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Regards to all our listeners!
I'm Rob Logan, Ph.D., senior staff, U.S. National Library of Medicine (NLM).
Here is what's new this week in To Your Health, a consumer health oriented podcast from NLM, that helps you use MedlinePlus to follow up on weekly topics.
A recent perspective in the New England Journal of Medicine imagines a future where visits between a patient and a physician are rare and most encounters occur virtually, or by using a laptop, desktop, smart phone, or tablet to communicate with health care providers.
The perspective's authors write (and we quote): 'Face-to-face interactions will certainly always have a central role in health care, and many patients prefer to see their physician in person. But a system focused on high-quality non-visit care would work better for many others — and quite possibly for physicians as well' (end of quote).
The perspective's authors provide several current examples of health services where patients are encouraged to use information technology prior to seeking in person care. For example, the perspective's authors note Providence-St. Joseph Health Express Care system, with 33 clinics in four states, encourages patients to participate in virtual care. The authors write: (and we quote): 'Patients can schedule visits at any site for in-person evaluations or laboratory testing. If they want to be seen face-to-face but can't make it to a clinic, a clinician will come to their home or workplace. Patients can also use apps to manage their conditions and symptoms' (end of quote).
The perspective's authors also cite successful, ongoing programs at Kaiser Permanente, and Omaha Health (among others).
In the foreseeable future, the authors write (and we quote): 'patients could toggle on and off the shipping of medicines and view insights on various measures that their smartphone might pick up (e.g. data on total hours spent in high-allergen zones for a patient with asthma). A case manager or coach could schedule a quick video check-in, when needed, to ensure that the patient's condition was being well-managed, determine what barriers might be limiting treatment success, and decide whether any adjustments to the medication regimen or care plan were required' (end of quote).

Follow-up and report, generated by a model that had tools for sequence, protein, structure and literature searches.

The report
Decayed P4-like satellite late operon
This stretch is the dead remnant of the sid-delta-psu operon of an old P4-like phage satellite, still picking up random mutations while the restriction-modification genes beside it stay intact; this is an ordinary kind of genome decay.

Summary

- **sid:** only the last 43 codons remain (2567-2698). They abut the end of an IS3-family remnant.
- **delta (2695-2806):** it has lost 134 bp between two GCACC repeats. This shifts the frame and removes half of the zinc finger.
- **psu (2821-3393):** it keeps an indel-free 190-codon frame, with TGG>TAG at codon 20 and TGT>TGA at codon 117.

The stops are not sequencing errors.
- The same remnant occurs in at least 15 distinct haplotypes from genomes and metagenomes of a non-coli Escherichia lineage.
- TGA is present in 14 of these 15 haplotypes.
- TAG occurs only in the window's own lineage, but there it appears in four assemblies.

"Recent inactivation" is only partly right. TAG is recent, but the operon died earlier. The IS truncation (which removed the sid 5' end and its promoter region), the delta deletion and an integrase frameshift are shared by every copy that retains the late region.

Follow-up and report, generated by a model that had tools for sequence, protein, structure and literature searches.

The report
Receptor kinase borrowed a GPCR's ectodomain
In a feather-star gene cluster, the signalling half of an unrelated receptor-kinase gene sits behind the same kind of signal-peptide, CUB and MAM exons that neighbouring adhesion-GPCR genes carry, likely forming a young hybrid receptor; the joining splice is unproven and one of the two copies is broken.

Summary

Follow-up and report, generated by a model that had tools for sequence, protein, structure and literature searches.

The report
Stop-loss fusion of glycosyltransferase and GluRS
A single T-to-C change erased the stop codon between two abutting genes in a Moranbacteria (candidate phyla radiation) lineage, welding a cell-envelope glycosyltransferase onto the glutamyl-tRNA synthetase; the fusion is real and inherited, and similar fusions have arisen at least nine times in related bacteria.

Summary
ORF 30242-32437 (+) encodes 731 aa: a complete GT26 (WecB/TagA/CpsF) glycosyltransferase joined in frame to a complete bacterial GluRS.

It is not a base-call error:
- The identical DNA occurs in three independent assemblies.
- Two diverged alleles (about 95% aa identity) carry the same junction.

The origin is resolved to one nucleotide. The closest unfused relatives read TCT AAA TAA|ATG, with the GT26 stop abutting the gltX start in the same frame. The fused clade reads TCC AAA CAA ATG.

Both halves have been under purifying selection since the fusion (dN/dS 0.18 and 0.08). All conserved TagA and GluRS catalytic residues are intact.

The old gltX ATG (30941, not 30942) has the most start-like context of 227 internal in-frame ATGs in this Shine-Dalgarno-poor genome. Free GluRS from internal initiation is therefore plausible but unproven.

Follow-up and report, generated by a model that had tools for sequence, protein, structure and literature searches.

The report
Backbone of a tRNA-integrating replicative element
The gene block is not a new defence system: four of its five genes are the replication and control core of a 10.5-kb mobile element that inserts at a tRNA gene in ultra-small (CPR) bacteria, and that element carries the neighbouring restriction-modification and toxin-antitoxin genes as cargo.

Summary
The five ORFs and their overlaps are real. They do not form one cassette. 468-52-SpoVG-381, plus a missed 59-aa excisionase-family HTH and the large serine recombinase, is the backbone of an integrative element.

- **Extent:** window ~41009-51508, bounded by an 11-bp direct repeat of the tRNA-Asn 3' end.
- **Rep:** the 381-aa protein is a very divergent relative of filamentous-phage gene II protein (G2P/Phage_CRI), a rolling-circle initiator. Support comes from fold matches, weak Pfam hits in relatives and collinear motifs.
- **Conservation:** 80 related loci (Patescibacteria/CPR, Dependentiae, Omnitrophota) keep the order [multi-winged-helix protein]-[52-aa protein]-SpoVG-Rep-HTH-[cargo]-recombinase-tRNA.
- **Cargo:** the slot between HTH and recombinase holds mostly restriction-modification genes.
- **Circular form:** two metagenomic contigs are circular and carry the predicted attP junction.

Overall, the perspective's authors envision a new health care system where the emphasis is to bring needed care and social support into a patient's home and de-emphasize visits to physician's offices, hospitals, and clinics. Meanwhile, teams of physicians and caregivers would focus on persons with similar needs, such as patients with Parkinson's disease, diabetes, or heart failure.
The perspective's authors suggest a shift in the focal point of care to more virtual visits may be consistent with public expectations based on the significantly increased diffusion of smart phones in the U.S. in the current decade.
Consistent with public expectations, the perspective's authors suggest a shift to a virtual emphasis represents an authentic transition to patient-centered care for some.
The perspective's authors suggest health care organizations that adopt more virtual and less in-patient care (and we quote): 'may gain a competitive advantage, since the required investments should lead to operational efficiencies and increased patient loyalty' (end of quote).
The perspective's authors conclude (and we quote: 'Viewing in-person patient visits as a last resort sounds radical, but it just represents a deepened commitment to patient-centered care' (end of quote).
We note the perspective does not cover cost savings, insurance support, and how physicians would be paid for information technology interactions, or how patient bills might be reduced. Yet, the perspective suggests the increasing acceptance of virtual medicine represents an important transition with possible advancements in patient-centered care.
On the ground, MedlinePlus.gov's talking with your doctor health topic page presents an array of information about enhancing in-person or virtual care. For example, the American Heart Association provides information about communicating with healthcare professionals in the 'start here' section of MedlinePlus.gov's talking with your doctor health topic page.
MedlinePlus.gov's talking with your doctor health topic page additionally provides links to the latest pertinent journal research articles, which are available in the 'journal articles' section. Links to pertinent clinical trials that may be occuring in your area are available in the 'clinical trials' section.
To find MedlinePlus.gov's talking with your doctor health topic page, please type 'talking with your doctor' in the search box on MedlinePlus.gov's home page, then, click on 'talking with your doctor (National Library of Medicine).'
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